Turns out there's a lot of science behind the wisdom of nose-breathing.
I’m sure you’ve heard the advice to “breathe in through your nose, out through your mouth” often over the years — I know I have. I also never took it seriously.
This might be due, in part, to the fact that I have asthma, so just breathing is difficult enough sometimes. I tend to categorically reject any advice that makes breathing more difficult … and breathing through my nose is unquestionably more difficult, particularly during exercise. But recently, one of my clients told me that her strength coach had seriously advised her to breathe through her nose at all times, especially during exercise. He said breathing through the mouth doesn’t allow your lungs to absorb oxygen properly.
I’d never heard that before, so I decided to check it out. And much like Alice through the looking glass, I found this this idle research turned my understanding of how to perform some of the most basic of human functions on its head.
As it turns out, breathing through the nose is not just preferable — it’s absolutely necessary for proper human development. Children in particular must be taught to breathe through their noses, because mouth-breathing leads to facial deformities that can adversely affect our children’s health and well-being for the rest of their lives.
Teaching kids to breathe through their noses can be tricky, and some might require interventions in order to even make it possible (this is one reason why adenotonsillectomies — the removal of adenoids and tonsils — have become increasingly common in children). But for kids who don’t have complications, the best way to teach nose-breathing is by modeling it.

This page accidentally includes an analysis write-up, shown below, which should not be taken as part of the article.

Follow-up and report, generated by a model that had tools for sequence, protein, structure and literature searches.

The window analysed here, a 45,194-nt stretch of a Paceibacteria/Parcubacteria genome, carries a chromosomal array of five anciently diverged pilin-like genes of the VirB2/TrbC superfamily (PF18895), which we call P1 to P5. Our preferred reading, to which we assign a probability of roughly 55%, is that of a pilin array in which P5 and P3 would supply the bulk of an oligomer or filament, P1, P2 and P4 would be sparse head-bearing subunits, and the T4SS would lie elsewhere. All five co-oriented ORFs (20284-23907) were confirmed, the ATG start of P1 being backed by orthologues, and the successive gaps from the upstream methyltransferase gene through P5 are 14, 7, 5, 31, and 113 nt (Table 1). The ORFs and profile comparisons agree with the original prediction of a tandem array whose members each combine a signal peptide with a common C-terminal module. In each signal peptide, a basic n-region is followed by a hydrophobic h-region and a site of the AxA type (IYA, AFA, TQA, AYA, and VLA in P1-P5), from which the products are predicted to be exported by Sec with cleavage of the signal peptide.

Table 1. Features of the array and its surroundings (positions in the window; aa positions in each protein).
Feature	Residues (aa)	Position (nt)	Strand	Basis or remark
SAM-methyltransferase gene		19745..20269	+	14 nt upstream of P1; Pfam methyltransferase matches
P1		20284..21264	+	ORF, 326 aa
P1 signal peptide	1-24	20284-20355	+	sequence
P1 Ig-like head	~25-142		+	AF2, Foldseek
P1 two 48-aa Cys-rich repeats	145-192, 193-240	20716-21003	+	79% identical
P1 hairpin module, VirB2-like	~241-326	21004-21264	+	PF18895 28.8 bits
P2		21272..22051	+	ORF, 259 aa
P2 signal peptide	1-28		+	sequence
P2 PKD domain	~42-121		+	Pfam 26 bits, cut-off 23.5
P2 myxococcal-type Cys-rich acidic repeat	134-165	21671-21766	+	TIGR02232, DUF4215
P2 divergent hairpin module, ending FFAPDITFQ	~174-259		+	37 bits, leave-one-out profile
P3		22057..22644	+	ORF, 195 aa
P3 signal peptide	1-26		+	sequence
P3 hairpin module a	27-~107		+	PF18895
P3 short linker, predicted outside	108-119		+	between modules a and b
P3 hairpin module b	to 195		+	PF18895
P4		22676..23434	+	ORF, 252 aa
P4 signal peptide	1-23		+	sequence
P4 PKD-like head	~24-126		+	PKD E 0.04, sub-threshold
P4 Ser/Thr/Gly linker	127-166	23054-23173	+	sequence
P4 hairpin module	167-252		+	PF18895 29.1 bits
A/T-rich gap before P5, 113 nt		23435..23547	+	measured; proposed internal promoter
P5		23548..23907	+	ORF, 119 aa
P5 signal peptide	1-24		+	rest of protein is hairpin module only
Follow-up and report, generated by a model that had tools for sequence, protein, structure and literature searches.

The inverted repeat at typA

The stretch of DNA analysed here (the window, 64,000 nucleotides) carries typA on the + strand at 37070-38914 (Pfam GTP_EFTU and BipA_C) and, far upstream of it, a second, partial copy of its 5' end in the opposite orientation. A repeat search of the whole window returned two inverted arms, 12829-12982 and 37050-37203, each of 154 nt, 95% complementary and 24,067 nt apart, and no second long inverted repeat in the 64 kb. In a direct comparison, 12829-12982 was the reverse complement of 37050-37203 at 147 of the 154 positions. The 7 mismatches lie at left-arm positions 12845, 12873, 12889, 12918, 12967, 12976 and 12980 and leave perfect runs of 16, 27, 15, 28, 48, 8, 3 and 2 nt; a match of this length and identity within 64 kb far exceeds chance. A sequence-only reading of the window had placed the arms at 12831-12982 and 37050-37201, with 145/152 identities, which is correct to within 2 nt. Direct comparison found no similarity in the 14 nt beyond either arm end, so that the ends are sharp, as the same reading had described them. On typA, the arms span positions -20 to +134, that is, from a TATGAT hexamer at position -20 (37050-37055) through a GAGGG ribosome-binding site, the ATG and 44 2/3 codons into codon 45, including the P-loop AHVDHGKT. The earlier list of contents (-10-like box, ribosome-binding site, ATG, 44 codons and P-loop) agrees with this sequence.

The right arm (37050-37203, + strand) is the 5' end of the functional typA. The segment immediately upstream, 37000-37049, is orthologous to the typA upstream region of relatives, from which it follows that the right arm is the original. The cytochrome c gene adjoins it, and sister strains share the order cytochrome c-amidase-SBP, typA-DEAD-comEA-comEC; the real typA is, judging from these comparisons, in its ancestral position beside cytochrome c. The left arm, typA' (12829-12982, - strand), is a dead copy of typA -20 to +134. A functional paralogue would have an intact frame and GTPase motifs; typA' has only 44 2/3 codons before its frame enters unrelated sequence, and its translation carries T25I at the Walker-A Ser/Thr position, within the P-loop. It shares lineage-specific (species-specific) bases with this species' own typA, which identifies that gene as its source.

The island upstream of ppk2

But if nose-breathing isn’t something you’re used to, making the change can be irritating. It’s not exactly difficult, but it does take some adjustment. At first, it often feels like you’re not getting enough oxygen because your lungs aren’t filling with the same volume you’re used to. But if you stick it out, you’ll realize that you’re not actually short of breath. You’re just adjusting to a lower volume intake — which isn’t the same thing as less oxygen. This more measured intake of air is one reason breathing through our noses can help calm us down and lower our heart rate.
Nose-breathing increases your lungs’ ability to absorb oxygen because the nose produces nitric oxide. Nitric oxide relaxes vascular smooth muscle and allows your blood vessels to dilate, which improves your body’s ability to transport oxygen throughout the body. It’s also a potent antiviral, antifungal, and antibacterial agent; combined with the hairs inside your nose, nitric oxide acts as a built-in filter for the air around you. Your mouth has no such filter, making nose-breathing even more important during cold and flu season.
Your nose also warms the air up before it reaches your bronchial tubes and lungs, which is another form of protection. And yes, breathing through your nose is harder, but it’s a good kind of harder: it forces your lungs to expand more smoothly and more fully, which keeps them elastic and improves their overall function. Basically, nose-breathing is like resistance training for your lungs — and we all know that you can’t get stronger without some form of resistance training!
You might be wondering how to make yourself (or your kids) transition to nose-breathing at night, when you’re not able to consciously regulate your breathing. I haven’t solved that entirely yet, but I have found that the more I’ve been consciously attempting to breathe through my nose during the day, the more often I wake up with a closed mouth and without the tell-tale dry mouth that accompanies a whole night of mouth breathing. Like any action, the more you ingrain it into your subconscious through repetition, the sooner it will become an automatic habit rather than a conscious action.
So take advantage of those natural filters on your face this fall and start breathing through your nose!